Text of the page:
In today’s society, we’re all coping with anxiety. There’s a lot to be anxious about and it always seems like life is ready to throw us yet another curveball. It is not necessarily the simple act of life that’s stressful, however, but the way we handle these stressors. It can be tempting to ignore them in hopes that they’ll go away or become infuriated by them without finding ways to solve them. But not coping with your stressors will only bury them, encouraging them to come back stronger the next time.
When stress isn’t dealt with for a prolonged period of time, mild anxieties turn into major ones, and small worries can turn into full-blown panic attacks. Unfortunately, there’s no way to stop unwanted stress from entering our lives. Thankfully, there are methods of reframing or diminishing them. One of the tools I’ve found most effective in coping with anxiety is the practice of mindfulness. In a previous blog post, I outlined the details of mindfulness. In this post, I’m going to give you examples of how to practice it.
3 Mindfulness Exercises
These common mindfulness exercises are a great start to coping with anxiety.
Also known as “anchoring”, the act of grounding is one of the best mindfulness tools to calm yourself when your anxiety feels unmanageable. Grounding includes paying attention, physically, to where you are at the moment. Take a seat and place both feet on the ground. Focus your attention first on the way your feet feel connected to the floor. Pay most of your attention to the lower half of your body as it relates to the place you’re in. Focus on the sensations in your toes, the balls of your feet, and your heels. Work your way up to your calves and thighs.
It can help to look around the room and name 5 things you see – what color they are and what function they serve, etc. Really anchor yourself in the moment in which you are physically present.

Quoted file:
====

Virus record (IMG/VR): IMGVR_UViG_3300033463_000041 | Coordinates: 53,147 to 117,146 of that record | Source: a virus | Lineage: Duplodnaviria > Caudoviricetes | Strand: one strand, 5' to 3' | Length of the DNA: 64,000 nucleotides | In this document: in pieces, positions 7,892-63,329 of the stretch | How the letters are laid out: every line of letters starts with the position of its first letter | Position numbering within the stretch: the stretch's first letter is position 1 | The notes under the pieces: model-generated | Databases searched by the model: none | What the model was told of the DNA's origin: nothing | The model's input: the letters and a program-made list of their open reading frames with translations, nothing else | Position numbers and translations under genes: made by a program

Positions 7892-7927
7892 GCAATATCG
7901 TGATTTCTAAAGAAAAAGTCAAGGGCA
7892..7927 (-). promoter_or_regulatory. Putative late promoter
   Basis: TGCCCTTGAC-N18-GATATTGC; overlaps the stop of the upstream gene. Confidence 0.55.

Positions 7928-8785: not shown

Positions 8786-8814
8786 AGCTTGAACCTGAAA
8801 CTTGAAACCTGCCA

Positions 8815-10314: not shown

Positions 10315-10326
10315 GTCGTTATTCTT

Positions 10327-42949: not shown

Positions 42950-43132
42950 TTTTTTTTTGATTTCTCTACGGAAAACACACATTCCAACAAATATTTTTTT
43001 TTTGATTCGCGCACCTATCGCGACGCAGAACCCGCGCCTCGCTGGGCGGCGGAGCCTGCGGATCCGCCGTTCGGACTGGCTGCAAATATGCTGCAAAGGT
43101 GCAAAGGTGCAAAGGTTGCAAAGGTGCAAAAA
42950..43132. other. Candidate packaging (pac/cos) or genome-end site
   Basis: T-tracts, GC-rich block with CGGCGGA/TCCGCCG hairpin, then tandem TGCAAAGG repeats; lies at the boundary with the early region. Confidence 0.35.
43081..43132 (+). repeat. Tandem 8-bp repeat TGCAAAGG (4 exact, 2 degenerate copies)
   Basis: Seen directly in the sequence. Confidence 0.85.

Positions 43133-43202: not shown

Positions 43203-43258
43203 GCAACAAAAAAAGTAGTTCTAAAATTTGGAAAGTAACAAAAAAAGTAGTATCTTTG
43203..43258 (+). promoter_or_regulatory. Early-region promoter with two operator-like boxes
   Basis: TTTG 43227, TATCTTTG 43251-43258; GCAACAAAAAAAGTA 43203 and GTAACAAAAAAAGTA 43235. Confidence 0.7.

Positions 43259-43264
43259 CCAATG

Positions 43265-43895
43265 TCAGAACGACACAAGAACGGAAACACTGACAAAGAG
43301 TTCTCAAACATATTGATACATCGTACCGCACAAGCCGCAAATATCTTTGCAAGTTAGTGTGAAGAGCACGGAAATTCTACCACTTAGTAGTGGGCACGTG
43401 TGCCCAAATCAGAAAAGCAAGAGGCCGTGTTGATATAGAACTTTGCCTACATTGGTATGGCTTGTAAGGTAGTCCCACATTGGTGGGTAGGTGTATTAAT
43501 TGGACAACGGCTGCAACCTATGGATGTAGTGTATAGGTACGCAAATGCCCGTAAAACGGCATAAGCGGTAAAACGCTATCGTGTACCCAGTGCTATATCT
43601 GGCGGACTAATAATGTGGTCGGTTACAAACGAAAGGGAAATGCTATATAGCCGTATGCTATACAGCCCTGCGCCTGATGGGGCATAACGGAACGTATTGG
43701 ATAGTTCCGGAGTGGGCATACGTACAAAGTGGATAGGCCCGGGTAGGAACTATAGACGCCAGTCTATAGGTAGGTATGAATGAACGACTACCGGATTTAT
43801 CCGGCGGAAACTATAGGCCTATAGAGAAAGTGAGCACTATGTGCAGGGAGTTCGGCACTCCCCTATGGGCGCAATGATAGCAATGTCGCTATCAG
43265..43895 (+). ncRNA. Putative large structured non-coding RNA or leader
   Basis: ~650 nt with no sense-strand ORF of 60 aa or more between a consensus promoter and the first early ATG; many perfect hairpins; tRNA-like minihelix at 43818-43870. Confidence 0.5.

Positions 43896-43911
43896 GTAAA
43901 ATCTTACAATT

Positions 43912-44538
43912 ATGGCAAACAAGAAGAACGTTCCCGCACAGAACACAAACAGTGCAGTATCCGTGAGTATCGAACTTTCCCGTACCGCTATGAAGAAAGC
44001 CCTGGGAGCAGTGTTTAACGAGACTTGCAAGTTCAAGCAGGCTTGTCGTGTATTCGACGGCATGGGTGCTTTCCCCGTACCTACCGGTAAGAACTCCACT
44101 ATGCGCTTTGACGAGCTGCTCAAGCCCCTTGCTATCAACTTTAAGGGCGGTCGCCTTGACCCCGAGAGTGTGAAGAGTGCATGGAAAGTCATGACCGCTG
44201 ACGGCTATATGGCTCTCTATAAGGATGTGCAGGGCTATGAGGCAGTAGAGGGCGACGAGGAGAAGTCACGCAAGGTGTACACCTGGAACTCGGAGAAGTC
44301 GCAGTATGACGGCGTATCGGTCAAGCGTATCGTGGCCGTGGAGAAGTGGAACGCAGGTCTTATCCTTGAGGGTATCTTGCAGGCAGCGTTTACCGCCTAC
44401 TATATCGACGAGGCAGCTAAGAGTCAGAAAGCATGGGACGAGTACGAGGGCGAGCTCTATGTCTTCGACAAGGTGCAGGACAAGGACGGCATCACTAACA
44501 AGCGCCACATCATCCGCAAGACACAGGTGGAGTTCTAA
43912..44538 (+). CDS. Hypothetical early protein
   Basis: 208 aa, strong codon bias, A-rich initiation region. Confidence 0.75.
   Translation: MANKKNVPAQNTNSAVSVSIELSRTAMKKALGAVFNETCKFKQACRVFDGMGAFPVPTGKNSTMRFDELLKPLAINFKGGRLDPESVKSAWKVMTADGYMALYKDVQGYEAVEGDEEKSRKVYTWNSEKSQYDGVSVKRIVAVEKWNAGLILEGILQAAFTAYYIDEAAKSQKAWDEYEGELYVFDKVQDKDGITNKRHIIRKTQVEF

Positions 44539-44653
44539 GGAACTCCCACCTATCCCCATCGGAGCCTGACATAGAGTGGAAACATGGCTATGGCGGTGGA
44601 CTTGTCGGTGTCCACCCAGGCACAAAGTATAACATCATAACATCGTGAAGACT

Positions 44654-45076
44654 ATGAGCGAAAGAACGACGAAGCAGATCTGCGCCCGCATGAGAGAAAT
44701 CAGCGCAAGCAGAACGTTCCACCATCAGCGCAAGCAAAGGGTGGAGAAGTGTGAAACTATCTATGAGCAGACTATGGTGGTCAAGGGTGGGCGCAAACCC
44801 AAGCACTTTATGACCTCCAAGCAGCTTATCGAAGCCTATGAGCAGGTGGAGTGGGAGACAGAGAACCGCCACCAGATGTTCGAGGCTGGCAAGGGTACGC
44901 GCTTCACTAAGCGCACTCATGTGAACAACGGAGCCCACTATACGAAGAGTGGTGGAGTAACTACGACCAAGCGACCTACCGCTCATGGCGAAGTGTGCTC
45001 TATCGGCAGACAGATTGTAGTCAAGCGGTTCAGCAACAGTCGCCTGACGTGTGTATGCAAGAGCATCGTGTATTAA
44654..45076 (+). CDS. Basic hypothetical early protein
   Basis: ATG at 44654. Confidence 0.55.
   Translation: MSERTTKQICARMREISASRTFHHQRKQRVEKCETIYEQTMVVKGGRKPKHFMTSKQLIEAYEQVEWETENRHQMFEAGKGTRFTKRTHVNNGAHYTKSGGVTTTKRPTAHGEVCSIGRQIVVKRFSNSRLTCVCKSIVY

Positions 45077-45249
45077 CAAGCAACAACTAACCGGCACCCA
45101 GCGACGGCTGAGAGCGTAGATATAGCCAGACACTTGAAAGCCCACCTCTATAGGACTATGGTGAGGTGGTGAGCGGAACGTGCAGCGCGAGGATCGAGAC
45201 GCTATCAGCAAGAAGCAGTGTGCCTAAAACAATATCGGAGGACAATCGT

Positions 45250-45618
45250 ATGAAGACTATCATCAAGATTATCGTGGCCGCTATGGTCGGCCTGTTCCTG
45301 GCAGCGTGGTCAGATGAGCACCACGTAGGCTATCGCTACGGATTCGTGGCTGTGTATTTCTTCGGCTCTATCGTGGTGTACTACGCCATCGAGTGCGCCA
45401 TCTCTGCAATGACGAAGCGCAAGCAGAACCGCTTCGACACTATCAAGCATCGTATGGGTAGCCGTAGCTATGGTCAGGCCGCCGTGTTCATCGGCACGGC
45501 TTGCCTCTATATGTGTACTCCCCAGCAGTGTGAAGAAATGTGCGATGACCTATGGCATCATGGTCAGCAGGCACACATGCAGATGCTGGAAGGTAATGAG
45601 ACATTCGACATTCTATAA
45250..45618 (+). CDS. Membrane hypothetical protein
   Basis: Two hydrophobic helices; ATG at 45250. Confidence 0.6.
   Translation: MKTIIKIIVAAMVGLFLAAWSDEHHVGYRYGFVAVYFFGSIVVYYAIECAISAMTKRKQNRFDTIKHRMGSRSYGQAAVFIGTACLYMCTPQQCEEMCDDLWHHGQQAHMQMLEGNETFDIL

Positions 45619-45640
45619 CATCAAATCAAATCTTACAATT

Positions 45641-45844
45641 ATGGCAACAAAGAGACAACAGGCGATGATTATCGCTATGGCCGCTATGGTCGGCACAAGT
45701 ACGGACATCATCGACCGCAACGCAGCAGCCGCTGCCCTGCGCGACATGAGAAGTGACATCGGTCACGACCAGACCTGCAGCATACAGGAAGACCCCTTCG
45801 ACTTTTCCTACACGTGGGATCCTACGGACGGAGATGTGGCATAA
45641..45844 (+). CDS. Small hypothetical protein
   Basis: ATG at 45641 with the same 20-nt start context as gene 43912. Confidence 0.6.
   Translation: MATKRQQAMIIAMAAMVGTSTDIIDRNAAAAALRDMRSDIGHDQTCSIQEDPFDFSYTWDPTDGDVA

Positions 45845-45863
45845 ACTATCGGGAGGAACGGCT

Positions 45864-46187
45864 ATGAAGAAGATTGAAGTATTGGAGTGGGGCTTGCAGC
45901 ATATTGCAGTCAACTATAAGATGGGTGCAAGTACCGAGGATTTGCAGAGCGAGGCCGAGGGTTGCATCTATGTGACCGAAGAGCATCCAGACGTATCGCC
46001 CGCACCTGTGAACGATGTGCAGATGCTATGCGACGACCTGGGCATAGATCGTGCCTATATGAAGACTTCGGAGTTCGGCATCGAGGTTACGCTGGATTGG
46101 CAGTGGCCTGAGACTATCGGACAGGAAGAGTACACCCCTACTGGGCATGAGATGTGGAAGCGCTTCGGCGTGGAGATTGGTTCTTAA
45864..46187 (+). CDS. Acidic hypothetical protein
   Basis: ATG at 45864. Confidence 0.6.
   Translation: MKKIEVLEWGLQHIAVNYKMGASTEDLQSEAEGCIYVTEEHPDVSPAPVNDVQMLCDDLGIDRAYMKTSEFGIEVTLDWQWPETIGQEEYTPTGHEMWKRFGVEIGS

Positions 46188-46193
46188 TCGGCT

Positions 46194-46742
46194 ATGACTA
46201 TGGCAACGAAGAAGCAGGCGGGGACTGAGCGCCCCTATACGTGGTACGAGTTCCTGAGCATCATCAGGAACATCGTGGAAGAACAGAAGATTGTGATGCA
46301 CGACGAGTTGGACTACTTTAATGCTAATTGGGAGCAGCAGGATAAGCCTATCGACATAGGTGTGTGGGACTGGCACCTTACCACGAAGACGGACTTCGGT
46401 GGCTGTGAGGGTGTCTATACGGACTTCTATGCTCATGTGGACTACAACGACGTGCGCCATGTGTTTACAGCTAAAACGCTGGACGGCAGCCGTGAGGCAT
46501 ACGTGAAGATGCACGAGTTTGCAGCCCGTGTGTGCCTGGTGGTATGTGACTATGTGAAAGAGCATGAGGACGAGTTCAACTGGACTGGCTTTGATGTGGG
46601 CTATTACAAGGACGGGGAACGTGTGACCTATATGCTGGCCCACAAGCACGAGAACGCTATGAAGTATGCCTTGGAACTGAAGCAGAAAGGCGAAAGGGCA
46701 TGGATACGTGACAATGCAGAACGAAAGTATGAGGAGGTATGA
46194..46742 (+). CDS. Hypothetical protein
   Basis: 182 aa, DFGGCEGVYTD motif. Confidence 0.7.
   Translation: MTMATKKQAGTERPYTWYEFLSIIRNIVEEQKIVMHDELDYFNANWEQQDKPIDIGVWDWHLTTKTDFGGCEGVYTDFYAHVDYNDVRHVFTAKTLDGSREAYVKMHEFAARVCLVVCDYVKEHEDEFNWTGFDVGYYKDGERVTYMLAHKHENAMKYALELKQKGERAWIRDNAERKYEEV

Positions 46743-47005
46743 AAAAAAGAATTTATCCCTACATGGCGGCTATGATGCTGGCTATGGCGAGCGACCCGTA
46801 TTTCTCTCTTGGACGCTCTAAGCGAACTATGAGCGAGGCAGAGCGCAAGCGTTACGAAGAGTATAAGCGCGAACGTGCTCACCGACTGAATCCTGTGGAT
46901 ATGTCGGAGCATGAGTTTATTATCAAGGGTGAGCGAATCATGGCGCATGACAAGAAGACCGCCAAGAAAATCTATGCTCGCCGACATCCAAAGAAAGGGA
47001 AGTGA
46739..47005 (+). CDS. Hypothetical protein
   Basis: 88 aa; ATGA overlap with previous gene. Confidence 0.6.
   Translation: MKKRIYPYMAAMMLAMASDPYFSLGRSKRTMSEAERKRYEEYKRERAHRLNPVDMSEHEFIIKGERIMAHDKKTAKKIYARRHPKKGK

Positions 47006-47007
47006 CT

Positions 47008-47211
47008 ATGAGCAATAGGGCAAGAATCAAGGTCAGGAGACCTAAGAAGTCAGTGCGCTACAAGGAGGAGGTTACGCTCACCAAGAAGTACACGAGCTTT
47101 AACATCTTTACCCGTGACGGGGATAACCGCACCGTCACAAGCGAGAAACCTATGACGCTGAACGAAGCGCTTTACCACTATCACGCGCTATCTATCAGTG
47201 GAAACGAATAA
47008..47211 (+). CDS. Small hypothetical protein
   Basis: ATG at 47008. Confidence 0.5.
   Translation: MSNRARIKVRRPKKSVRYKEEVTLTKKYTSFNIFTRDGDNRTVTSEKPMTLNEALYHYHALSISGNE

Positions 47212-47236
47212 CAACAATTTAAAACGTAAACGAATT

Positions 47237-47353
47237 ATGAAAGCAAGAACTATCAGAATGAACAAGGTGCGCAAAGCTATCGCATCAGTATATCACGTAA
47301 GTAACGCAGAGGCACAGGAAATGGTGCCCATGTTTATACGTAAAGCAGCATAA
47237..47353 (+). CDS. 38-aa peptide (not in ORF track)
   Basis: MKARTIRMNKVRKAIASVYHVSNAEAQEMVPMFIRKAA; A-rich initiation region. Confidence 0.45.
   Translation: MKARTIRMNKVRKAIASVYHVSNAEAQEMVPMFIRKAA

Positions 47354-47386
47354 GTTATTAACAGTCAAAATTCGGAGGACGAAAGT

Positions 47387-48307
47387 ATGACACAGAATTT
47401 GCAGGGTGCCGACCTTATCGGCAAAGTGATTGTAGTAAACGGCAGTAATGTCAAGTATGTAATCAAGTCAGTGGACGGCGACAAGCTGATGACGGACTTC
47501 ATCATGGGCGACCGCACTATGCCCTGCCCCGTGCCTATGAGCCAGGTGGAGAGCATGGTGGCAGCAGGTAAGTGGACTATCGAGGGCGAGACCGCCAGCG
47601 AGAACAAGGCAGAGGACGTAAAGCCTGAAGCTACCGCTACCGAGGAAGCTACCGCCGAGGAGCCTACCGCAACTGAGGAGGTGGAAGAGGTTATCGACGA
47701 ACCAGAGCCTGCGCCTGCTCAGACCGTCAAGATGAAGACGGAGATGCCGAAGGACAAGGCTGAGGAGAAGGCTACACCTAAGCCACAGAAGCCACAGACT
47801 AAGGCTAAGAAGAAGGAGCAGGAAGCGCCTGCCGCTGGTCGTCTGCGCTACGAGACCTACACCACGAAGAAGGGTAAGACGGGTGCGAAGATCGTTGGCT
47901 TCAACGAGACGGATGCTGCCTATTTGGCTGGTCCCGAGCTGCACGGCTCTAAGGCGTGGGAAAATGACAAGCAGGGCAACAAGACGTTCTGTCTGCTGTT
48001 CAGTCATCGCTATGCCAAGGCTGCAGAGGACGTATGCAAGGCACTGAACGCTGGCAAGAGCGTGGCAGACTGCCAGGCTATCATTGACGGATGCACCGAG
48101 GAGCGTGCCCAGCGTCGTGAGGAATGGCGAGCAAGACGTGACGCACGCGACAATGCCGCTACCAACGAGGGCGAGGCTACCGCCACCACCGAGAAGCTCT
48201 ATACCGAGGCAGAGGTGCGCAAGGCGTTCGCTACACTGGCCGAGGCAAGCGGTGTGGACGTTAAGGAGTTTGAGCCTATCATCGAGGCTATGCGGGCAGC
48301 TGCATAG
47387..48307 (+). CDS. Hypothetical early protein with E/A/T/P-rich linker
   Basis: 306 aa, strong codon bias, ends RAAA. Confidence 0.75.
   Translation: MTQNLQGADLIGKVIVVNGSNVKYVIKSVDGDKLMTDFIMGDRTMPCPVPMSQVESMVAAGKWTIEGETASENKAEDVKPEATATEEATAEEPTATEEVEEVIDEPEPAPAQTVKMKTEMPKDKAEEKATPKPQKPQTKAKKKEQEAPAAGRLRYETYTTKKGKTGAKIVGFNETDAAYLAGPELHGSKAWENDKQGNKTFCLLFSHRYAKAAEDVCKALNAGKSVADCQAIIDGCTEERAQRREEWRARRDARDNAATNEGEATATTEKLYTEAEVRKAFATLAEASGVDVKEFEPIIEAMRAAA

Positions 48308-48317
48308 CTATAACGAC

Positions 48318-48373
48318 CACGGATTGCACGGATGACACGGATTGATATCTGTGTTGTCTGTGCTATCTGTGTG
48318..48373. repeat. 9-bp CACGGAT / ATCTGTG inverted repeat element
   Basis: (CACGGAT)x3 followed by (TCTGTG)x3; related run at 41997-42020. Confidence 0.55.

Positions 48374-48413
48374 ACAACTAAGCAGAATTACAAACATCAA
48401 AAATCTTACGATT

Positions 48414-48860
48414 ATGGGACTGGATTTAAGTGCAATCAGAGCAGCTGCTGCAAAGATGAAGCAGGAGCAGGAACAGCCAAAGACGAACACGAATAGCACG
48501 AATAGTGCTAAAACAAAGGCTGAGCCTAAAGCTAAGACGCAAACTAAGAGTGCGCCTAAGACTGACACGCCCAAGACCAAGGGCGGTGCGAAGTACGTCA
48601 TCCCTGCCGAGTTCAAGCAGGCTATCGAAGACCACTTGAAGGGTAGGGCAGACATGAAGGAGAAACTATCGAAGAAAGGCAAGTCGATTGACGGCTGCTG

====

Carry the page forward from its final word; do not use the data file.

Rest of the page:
What if I told you that you could calm your anxieties just by taking deep breaths? With mindful breathing, it’s true. Sit or lie down comfortably, close your eyes, and begin to take slow, deep, breaths. Mentally narrow in on where your breath is coming from – in through your nostrils and out through your mouth. Focus on how your body feels when you take the deep breaths. Are you relaxing your shoulders or are they tight by your ears? Where do you feel your breath coming from? Your abdomen? Chest? Nose/Mouth? Pay attention to the air that enters your body, and the air that leaves it. You can practice mindful breathing for as long as you like, but I encourage a minimum of 5 minutes to enter a meditative state.
Mindful Awareness and Appreciation
Do you know what muscle memory is? It’s the automatic way a calligrapher holds a pen or a tennis player grasps a racquet. You can train your mind to engage in muscle memory as well. Most of us have trained our brains to respond to fast-paced and overwhelming situations with stress. But, just as with your other muscles, you can retrain your brain as well.
One of the best ways to do this is to become aware of and appreciative of the good in your life. This can be done anywhere at any time. Give yourself a few minutes to sit with your eyes closed while mindfully breathing and then think of three things in your life you’re especially grateful for. They can be people, memories, previous situations, etc., as long as they’re things that really speak to you. When you create more room for gratitude you have less room for anxiety.
These are just a few of the many mindfulness exercises proven to reduce stress and anxiety. One of the greatest things about mindfulness is that you don’t need anything but your body and your brain. Coping with anxiety can be incredibly difficult, but when you include mindfulness in your life, you’ll be surprised by the difference it will make.